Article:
So now, I have a dilemma. I could give birth right there, disobey the order and drive around through an open road (which there are), or disobey God and have my baby in a nice, comfortable hospital in Jerusalem.

What would you do?


Checkpoint 300, entry and exit to and from Bethlehem.  Picture used with permission.

Checkpoint 300, entry and exit to and from Bethlehem.  Picture used with permission.

Tootsie Pop: If Mary lived today, her situation would be a lot like mine.  She was from Nazareth, so she would have an Israeli ID (as I do).  However, she accidentally fell in love with the wrong guy, from the other side of the wall (as I did)!  A Bethlehem native, Joseph would have a Palestinian ID, since Bethlehem is in the West Bank.  They might not even live together, as most men who marry women with Israeli IDs do not have regular permits to live with their wives, and if they do, it’s only for a few weeks or months throughout the year.  What usually happens is that the woman with an Israeli ID puts her own identity card and freedom of movement at risk by joining her husband to live in the West Bank.  If she wants to pass her Israeli ID on to her child, she must maintain residency and center of life inside Israel, and give birth to her child there.  So if Jesus were born in Bethlehem today, he might be denied an Israeli identity card.  Mary and Joseph would likely face the same if not similar obstacles that my husband and I would encounter today if we tried to travel from Nazareth to Bethlehem.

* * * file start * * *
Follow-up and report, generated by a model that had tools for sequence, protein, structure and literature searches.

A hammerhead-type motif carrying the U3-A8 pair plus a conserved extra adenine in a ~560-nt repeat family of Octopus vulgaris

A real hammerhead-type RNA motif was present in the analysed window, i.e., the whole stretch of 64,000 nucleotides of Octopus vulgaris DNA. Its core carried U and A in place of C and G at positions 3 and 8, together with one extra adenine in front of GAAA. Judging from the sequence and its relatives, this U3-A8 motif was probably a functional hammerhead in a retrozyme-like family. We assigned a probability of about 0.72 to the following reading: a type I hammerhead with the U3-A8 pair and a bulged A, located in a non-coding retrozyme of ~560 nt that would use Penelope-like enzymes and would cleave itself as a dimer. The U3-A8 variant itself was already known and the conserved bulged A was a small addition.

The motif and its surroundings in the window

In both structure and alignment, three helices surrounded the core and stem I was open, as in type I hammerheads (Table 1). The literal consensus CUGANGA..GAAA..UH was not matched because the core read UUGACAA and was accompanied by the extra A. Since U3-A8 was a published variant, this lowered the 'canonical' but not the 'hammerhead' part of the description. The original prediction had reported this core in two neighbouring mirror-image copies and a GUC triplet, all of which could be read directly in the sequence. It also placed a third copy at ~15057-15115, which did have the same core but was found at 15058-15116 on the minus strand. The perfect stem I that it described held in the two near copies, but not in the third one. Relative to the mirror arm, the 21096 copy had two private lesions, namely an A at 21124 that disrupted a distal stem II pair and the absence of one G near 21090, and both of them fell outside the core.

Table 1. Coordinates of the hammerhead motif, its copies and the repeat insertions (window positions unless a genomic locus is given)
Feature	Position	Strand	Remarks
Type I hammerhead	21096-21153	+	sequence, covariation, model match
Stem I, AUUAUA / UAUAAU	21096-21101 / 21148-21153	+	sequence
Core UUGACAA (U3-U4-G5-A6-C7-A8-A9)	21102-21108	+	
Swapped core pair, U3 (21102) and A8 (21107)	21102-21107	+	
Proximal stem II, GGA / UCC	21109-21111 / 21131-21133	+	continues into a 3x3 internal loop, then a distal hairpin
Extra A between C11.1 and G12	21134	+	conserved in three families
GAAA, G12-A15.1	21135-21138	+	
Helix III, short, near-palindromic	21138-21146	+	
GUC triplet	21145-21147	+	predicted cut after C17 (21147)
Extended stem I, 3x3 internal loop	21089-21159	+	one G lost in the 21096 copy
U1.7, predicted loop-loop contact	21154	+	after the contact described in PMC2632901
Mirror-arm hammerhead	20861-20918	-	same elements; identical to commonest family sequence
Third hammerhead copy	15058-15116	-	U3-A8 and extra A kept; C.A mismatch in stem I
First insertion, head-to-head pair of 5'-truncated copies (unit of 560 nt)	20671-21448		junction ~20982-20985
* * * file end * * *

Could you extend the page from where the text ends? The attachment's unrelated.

There are two scenarios I might face as Mary today.  

Scenario #1 (Travelling solo):

Currently, my husband and I are living in Ramallah. Therefore, travelling by car sounds the most reasonable. If I’m physically capable of driving on my own, I would take my “yellow plated” (Israeli plated) car, and go to one of the two checkpoints:  Qalandya or Hizma. Qalandya is closer, but since there is always a lot of traffic there, I would be afraid to give birth at the checkpoint, so I would probably go through Hizma. This would only get me to Jerusalem. From Jerusalem, via the wide and comfortable Begin highway, it would take me around 20 minutes to get to the highest point near Bethlehem, Beit Jala. From there, it takes only 5 minutes to get to the nearest hospital “The Arab Rehabilitation Center.”